Irvine, Calif., Nov. 20, 2013 The Henry Samueli School of Engineering at UC Irvine will receive a $100,000 Grand Challenges Explorations grant from the Bill & Melinda Gates Foundation for developing a solar stove that enables carbon emissions-free cooking.
The Grand Challenges Explorations initiative is intended to foster outside-the-box solutions to persistent global health and development issues. More than 80 grants were announced today by the Gates Foundation in the 11th round of funding.
The stored energy solar stove was initially designed by a group of senior mechanical engineering students at UC Irvine under the guidance of former research adviser John Garman. It permits carbon emissions-free cooking indoors and at night, which not only reduces deforestation, labor time and safety concerns for women who leave their villages to gather firewood, but also pollutes indoor air far less than the traditional in-home cooking methods currently employed in developing countries.
The students developed a working model that uses a solar collector to concentrate sunlight on an energy storage device, which consists of an insulated box filled with potassium nitrate and sodium nitrate. The salts are heated to their melting point by the solar radiation. Within three hours in the sun, the stove stores 0.5 kilowatt-hours of energy, which is released as the molten salt slowly resolidifies. This provides a stable heat source indoors or after sunset with a surface temperature well-suited to making foods such as bread and rice. The technology has gone through two design iterations and, with this grant, will be further refined by a new group of senior engineering students.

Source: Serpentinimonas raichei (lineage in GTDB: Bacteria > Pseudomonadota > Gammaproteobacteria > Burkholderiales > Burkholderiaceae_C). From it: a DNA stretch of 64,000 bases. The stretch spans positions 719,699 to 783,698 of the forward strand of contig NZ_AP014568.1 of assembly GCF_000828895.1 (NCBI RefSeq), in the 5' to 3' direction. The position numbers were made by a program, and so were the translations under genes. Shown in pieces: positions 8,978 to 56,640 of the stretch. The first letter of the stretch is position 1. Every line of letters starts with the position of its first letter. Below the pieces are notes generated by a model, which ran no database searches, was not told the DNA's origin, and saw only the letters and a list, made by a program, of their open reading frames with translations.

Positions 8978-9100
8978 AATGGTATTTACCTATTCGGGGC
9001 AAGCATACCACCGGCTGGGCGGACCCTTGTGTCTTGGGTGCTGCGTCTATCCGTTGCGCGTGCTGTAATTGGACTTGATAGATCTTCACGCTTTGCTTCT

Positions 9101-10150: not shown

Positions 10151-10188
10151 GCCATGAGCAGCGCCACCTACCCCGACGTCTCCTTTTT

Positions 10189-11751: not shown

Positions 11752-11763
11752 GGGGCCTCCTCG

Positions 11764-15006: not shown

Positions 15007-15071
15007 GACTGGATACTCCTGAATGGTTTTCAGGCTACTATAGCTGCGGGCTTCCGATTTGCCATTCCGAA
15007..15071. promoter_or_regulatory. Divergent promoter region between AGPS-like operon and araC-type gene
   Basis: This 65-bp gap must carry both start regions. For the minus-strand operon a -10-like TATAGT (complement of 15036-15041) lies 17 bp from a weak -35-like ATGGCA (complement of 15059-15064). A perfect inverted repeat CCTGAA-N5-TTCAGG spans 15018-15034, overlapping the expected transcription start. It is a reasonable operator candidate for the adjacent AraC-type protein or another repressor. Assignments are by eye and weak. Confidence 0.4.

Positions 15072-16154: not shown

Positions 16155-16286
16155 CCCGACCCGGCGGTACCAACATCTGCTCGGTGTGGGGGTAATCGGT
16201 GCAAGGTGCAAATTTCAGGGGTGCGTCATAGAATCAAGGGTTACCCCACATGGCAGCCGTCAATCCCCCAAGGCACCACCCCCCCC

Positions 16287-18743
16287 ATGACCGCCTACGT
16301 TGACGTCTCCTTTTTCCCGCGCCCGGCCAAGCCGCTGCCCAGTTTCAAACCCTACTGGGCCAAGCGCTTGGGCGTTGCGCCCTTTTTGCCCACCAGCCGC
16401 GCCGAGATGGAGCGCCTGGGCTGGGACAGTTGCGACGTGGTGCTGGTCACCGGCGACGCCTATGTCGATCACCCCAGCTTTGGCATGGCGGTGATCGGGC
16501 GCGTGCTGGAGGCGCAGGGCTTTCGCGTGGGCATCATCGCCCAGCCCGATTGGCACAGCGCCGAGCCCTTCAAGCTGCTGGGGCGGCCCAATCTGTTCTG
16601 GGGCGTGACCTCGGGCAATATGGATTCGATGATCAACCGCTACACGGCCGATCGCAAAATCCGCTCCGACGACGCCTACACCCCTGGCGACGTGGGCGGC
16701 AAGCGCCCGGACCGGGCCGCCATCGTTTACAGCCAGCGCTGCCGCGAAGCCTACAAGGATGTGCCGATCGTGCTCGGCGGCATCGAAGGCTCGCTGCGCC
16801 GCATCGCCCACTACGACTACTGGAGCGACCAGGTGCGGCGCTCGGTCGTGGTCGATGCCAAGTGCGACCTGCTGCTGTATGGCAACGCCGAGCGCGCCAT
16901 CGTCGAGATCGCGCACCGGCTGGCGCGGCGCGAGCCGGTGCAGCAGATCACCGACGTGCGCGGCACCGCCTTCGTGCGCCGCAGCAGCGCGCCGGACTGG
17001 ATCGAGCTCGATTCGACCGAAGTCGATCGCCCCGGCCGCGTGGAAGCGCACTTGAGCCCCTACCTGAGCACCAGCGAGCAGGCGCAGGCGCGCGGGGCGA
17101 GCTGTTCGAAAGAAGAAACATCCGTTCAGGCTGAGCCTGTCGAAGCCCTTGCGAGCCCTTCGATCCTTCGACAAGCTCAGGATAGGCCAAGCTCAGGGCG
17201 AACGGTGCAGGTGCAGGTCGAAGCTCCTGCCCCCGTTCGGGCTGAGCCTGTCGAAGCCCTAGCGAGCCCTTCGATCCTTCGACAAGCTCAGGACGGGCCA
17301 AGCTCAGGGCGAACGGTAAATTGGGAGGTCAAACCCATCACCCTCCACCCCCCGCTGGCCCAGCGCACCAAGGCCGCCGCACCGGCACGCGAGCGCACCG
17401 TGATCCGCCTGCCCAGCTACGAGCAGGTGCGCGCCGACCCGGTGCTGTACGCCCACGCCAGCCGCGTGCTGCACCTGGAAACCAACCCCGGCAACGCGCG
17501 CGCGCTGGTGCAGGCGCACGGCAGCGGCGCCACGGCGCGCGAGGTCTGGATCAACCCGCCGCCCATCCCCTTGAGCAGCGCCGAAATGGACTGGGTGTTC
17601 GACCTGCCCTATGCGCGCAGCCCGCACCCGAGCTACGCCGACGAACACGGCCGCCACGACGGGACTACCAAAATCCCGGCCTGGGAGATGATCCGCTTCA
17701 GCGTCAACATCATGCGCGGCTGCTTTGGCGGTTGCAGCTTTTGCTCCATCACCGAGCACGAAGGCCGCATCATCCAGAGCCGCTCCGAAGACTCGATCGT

"What this grant money allows us to do is continue working on an effective thermal mechanical design to create a solution to an important global health and environmental degradation problem," said Derek Dunn-Rankin, professor and chair of the Samueli School's Department of Mechanical & Aerospace Engineering and principal investigator for the project.
Mechanical engineering student Lineker Phuong said that he and his collaborators have still got some work to do on the design. "We cooked up two batches of bacon easily, but by the third, the bacon didn't fully cook," he said. "The temperature of our cooking surface decreased gradually even while the temperature inside the box stayed constant throughout the cooking experiment."
|Contact: Lori Brandt|
University of California - Irvine